Independent University Newspaper
Copenhagen Business School

Popular searches:

Independent University Newspaper

Copenhagen Business School

Writing a thesis in Thailand: Where, what, when, how much…?

Our big private terrace (Photo: Caroline Mandalis)

Go on exchange |   28. Apr 2022

Caroline Mandalis

Blogger

When Viktoria and I decided to go to Thailand, we both agreed that we had to find a place where we could stay for a long period in order to have the best foundation for building a daily life with routines while also living our best life.

We had four demands for our apartment:

  1. Close to the beach
  2. Two bedrooms
  3. A small kitchenette
  4. A swimming pool

Before coming here, we spent many hours researching, trying to figure out where on the island of Phuket would be the best base for us. First, we tried Googling; Kata, Karon, and Patong were obviously the most famous tourist destinations (at least pre-COVID), and the latter was the party capital of Phuket. Another friend, who used to be a tourist guide here, said the same, and added a strong emphasis: “Do NOT stay in Patong, it’s too wild!”. She suggested Kata for our base, but her only experience was pre-COVID and her stay revolved around her work with tourists.

We tried ‘YouTubing’ the different cities, and the videos showed horrifically empty streets, one closed restaurant after another, and painted a picture of ghost towns.

Next, we joined the Facebook group “Danskere på Phuket” (English: Danes on Phuket), read a few posts about their experiences, and wrote a post describing our situation, hopes and dreams, and doubts. “Patong is the place to be!”, all the old men claimed (free of charge thesis idea, right there. You’re welcome).

“No, Patong is disgusting – Rawai is just the right place for you!”, the young adults wrote, which (of course, it is Facebook…) ignited a minor feud in the group. Rawai was too boring, too far away, too quiet, according to Patong’s advocates…

Karon beach in Thailand
There’s a surplus of beautiful beaches in Phuket. This is Karon Beach. (Photo: Caroline Mandalis)

Because of the travel restrictions at the time, we were obliged to book a special hotel for the first week and, afraid of making the wrong decision, we decided not to find an apartment before arriving in Thailand. For our first week, we planned a soft landing, where we could adjust to the new culture, get over our jetlag, visit the different cities of Phuket, and see potential apartments.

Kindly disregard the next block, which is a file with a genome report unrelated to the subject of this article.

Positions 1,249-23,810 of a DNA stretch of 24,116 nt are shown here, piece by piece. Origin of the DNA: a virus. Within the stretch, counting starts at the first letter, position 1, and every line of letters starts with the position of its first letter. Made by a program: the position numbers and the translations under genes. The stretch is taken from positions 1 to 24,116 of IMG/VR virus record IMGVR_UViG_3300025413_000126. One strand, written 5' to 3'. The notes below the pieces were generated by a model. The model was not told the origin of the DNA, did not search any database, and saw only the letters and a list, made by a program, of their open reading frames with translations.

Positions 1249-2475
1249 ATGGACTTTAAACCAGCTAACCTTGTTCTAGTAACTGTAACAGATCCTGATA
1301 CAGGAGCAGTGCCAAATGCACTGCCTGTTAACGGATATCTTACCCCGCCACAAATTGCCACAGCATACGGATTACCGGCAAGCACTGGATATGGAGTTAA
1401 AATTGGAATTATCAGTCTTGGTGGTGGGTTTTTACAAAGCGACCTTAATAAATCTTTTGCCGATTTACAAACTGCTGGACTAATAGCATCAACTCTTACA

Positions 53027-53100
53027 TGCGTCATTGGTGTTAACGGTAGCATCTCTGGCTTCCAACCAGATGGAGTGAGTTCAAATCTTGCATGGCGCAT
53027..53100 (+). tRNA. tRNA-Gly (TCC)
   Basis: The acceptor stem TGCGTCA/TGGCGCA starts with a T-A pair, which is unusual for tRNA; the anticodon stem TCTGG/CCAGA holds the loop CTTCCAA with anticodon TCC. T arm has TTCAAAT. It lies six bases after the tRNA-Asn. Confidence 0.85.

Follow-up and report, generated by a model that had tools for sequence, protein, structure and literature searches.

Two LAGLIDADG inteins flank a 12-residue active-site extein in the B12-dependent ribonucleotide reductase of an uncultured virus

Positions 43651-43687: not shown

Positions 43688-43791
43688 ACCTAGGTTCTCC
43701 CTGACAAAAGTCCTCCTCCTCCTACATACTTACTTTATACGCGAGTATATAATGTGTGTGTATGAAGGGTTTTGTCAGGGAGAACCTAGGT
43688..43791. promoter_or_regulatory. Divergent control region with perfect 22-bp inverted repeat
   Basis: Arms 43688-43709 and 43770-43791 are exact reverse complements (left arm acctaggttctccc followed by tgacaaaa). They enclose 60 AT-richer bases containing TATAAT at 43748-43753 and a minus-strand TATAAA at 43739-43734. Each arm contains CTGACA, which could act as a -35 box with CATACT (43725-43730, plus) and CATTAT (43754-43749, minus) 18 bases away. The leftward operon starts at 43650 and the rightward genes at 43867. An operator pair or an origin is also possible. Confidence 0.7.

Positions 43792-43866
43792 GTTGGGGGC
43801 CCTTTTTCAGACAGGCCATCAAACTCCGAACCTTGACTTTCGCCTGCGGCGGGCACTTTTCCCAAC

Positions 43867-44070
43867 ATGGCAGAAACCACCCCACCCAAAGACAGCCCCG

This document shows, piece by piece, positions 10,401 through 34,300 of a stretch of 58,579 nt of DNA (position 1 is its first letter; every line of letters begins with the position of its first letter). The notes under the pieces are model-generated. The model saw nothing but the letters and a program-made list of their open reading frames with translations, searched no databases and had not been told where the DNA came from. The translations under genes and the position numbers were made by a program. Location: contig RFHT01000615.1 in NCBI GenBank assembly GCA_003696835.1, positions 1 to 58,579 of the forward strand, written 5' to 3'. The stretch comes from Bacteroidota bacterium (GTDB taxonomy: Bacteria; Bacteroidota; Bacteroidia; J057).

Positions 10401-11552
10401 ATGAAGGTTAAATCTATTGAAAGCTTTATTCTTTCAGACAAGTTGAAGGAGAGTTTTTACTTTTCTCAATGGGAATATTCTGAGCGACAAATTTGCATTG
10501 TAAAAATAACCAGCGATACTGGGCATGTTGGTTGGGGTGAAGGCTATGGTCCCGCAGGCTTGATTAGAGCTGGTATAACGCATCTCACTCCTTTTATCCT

Little did we know that our trip would be delayed and that our soft-landing week would be spent in bed in Denmark for my part, and at a quarantine hotel in Kata for Viktoria’s part, as you may have read in my previous blog post (link).

The few apartments we had found that met our demands at a reasonable price were no longer available, and two days before my flight, we panicked and booked an apartment in Naiharn in Rawai. And it turned out to be just the right decision.

Down the street from our apartment (Photo: Caroline Mandalis)
Down the street from our apartment (Photo: Caroline Mandalis)

Our apartment completely exceeded our expectations. 120 sq m, two bedrooms with ensuite bathrooms, two balconies AND a huge private terrace, four(!) swimming pools, a (very small…) gym, and Naiharn’s best and cheapest fresh smoothie stand right outside the door.

A 25-minute walk from the best beach on Phuket and a 20-minute walk to Rawai’s lively promenade with restaurants, bars, and fish markets. 35 days in our apartment cost us 32,000 THB which is equal to DKK 6500 or €875. Half of what I pay in Copenhagen, and I certainly do not have 120 sq m or pool access…

The pool right outside our apartment (Photo: Caroline Mandalis)

Naiharn proved to be the best area for us. It is a less touristy part of the island, with a mix of locals and foreign immigrants, plus it is the hub for digital nomads. Was it quiet? Definitely quieter than Patong, but it was the exact amount of life we were looking for.

Was it boring? Not at all! It had everything we needed, and it was completely our vibe. Was it far away from everything? Unlike Kata, Karon, and Patong, Naiharn is not located on the west side of the island, but on the southern tip, but it was near everything we needed.

In the mood for a massage? Right down the road!

Hungry? Eat at the condominium’s restaurant or take a 5-minute stroll down the street to some of the coolest cafés and restaurants on the island!

Need to cool down? Take a swim in the pool or have an ice-cold smoothie!

Fancy a day trip? Take a boat from the beach for 20 minutes and you’re there!

Need something that’s not within walking distance? No need to worry, just rent a scooter to get around the island anyway!

We have moved out of our apartment to explore other parts of Thailand for a few weeks, but for our last month here, we will return home to Naiharn, though to another apartment down the road.

woman at beach in Thailand

Beautiful Coral Island just a 20-minute boat ride away (Photo: Viktoria Jensen)

Comments

Leave a Reply

Your email address will not be published.

This site uses Akismet to reduce spam. Learn how your comment data is processed.

Writing a thesis in Thailand: Where, what, when, how much…?by

CBS WIRE collaborates with Videnskab.dk

Stay connected

Close